Mike Pence’s Messianic problem

Asking a “rabbi” who believes in Jesus to speak about the Pittsburgh shooting at a Republican campaign rally highlights the one issue on which virtually all Jews agree.

U.S. Vice President Mike Pence at the celebration marking the opening of the U.S. embassy in Jerusalem and Israel’s 70th anniversary in Washington, D.C. on May 14, 2018. Credit: Israeli Embassy.
U.S. Vice President Mike Pence at the celebration marking the opening of the U.S. embassy in Jerusalem and Israel’s 70th anniversary in Washington, D.C. on May 14, 2018. Credit: Israeli Embassy.
Jonathan S. Tobin. Photo by Tzipora Lifchitz.
Jonathan S. Tobin
Jonathan S. Tobin is editor-in-chief of JNS (Jewish News Syndicate). Follow him @jonathans_tobin.

It was the sort of unforced error that was the last thing the Trump administration needed in a week during which its liberal critics have been trying to place blame for the massacre at a Pittsburgh synagogue on the president.

Vice President Mike Pence was scheduled to appear at Republican campaign rally in Michigan. After Saturday’s horrific attack on the Tree of Life*Or L’Simcha Synagogue that left 11 Jewish worshippers dead, the vice president’s office asked that the local organizers also invite a rabbi to offer a prayer remembering the victims. But while that request showed sensitivity to a national tragedy, what followed came back to bite the veep in a big way.

The problem was that as far as the Jewish community is concerned, Loren Jacobs—the “rabbi” who was asked to speak at the rally—isn’t Jewish.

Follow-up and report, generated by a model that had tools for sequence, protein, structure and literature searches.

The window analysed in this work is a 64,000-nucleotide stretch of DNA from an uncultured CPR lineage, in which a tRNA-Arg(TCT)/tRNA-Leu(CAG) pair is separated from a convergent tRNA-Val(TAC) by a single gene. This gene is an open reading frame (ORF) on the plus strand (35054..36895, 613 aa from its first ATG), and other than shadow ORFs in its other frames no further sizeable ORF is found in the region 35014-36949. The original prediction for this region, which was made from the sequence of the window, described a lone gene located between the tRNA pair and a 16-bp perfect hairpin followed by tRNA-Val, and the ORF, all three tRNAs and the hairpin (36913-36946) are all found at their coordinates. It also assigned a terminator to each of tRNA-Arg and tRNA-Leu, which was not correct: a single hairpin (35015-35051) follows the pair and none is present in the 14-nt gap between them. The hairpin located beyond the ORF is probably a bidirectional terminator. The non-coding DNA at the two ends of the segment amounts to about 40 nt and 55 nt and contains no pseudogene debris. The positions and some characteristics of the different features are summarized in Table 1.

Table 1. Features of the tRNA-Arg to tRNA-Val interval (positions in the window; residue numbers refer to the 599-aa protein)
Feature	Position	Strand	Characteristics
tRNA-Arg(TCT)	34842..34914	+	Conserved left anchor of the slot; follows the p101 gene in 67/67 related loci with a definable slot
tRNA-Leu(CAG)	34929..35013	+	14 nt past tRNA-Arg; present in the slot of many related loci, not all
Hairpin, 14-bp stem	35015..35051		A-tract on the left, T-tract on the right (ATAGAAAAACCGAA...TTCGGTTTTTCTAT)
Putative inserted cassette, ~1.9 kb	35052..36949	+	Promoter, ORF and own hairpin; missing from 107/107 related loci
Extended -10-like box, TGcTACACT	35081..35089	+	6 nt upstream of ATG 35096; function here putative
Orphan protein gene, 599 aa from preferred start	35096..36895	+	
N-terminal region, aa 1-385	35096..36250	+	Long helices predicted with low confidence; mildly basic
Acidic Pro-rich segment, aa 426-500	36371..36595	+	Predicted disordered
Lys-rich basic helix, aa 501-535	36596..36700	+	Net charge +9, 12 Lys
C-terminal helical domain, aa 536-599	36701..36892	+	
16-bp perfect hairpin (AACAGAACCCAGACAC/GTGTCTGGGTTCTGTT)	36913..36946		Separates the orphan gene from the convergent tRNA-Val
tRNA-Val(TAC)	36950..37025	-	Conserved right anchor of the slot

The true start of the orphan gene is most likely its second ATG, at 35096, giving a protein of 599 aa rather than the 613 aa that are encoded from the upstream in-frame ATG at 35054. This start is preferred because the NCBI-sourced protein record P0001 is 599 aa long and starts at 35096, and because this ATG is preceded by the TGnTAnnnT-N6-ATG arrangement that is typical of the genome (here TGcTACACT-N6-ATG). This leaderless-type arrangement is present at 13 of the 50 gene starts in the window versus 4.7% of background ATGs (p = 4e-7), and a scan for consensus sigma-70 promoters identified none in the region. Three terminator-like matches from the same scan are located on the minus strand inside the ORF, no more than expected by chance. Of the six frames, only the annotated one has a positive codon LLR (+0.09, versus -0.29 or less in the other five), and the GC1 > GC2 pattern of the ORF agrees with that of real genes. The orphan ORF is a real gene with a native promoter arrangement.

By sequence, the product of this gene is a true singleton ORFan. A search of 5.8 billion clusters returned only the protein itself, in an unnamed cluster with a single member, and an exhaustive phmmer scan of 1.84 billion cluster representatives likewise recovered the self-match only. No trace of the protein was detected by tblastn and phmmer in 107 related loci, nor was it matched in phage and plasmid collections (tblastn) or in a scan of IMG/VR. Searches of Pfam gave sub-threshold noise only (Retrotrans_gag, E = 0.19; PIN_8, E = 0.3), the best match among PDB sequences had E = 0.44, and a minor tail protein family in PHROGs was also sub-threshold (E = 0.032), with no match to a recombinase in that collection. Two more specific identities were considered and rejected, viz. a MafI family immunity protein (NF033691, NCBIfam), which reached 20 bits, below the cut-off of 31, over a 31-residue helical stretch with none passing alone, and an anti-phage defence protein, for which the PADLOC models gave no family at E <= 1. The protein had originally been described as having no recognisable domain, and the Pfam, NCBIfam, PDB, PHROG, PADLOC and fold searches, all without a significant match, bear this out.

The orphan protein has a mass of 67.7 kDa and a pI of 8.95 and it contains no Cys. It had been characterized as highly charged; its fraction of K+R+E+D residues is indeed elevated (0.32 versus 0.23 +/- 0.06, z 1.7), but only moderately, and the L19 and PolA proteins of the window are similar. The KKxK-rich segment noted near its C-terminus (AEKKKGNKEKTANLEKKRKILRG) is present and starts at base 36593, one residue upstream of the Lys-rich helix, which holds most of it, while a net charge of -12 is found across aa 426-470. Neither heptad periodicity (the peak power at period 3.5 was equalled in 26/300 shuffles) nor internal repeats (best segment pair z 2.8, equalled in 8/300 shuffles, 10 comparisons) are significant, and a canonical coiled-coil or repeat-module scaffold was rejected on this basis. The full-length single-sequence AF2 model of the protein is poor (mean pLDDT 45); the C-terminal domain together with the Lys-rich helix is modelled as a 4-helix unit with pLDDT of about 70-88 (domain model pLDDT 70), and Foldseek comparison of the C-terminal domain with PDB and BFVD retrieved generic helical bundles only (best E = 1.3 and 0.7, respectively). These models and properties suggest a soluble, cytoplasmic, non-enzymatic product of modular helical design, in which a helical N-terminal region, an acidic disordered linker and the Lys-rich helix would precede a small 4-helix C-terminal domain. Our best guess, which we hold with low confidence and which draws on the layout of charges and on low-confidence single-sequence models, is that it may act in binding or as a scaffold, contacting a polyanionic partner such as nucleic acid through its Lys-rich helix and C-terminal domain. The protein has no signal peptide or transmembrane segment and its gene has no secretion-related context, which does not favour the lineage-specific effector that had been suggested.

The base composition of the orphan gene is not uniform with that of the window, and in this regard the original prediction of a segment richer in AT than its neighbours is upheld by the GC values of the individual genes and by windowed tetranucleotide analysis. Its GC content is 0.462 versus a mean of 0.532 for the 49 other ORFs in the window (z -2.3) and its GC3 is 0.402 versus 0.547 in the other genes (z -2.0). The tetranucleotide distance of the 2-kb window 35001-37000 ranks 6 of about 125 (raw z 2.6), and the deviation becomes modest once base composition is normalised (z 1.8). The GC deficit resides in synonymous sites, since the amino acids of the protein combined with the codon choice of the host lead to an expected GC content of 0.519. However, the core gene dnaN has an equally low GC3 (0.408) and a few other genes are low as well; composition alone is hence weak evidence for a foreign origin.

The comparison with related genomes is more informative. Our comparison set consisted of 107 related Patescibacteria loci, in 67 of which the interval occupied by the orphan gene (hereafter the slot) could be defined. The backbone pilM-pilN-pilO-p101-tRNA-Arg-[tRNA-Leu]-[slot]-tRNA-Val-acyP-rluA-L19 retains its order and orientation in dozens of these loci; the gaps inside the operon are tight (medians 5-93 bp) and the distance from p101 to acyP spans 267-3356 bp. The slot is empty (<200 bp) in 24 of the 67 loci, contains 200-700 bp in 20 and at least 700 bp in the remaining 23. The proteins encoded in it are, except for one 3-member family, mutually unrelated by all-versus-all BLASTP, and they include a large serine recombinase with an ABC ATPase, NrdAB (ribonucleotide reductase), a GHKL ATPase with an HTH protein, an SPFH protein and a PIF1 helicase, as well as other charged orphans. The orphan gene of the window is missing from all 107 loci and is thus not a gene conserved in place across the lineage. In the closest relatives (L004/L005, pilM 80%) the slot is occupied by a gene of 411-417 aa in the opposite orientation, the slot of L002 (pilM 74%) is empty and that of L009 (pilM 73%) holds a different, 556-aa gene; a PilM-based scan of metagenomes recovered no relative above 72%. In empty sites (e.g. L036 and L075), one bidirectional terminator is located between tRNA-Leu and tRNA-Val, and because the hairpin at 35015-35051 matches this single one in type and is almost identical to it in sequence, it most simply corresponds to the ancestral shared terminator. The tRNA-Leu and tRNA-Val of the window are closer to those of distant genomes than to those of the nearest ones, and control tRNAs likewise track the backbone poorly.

Jacobs was there representing the very-Jewish sounding Congregation Shema Yisrael in suburban Detroit. But when he spoke in condemnation of the anti-Semitic attack, he did so by invoking the “God of Abraham, God of Isaac, God of Jacob, God and Father of my Lord and Savior Yeshua, Jesus the Messiah, and my God and Father, too.”

Far from being a representative of the Jewish community, Jacobs is a Christian, albeit the pastor of a Messianic Jewish church that bills itself on its website as being “the same thing” as Christianity, but “expressed within the Jewish heritage.”

But while many Christians may see this as somehow being a variant of Judaism, Jews see it very differently. In a world in which Jews are bitterly divided along denominational, ideological and political lines, the one thing almost of them agrees on is that anyone who believes in the divinity of Jesus is not a Jew.

More to the point, most Jews see “Messianic” sects that bill themselves as being either a form of Judaism or rooted in Jewish traditions as a standing insult, if not a threat, to their faith and identity.

As such, the invitation provoked an understandable barrage of protests against Pence, even if the vice president had no idea what the local Republicans had gotten him into. The situation wasn’t helped by the refusal of Lena Epstein—the candidate Pence was there to endorse, and ironically, herself a Jew—to admit that she had made a colossal error by inviting Jacobs.

Indeed, it turns out Jacobs left the Union of Messianic Jewish Congregations—one of the larger such groups—precisely because he disagreed with its doctrine preaching that Jews who didn’t accept Jesus as their savior could still go to Heaven.

Jewish feelings about this subject are deeply rooted as much in history as they are in theology.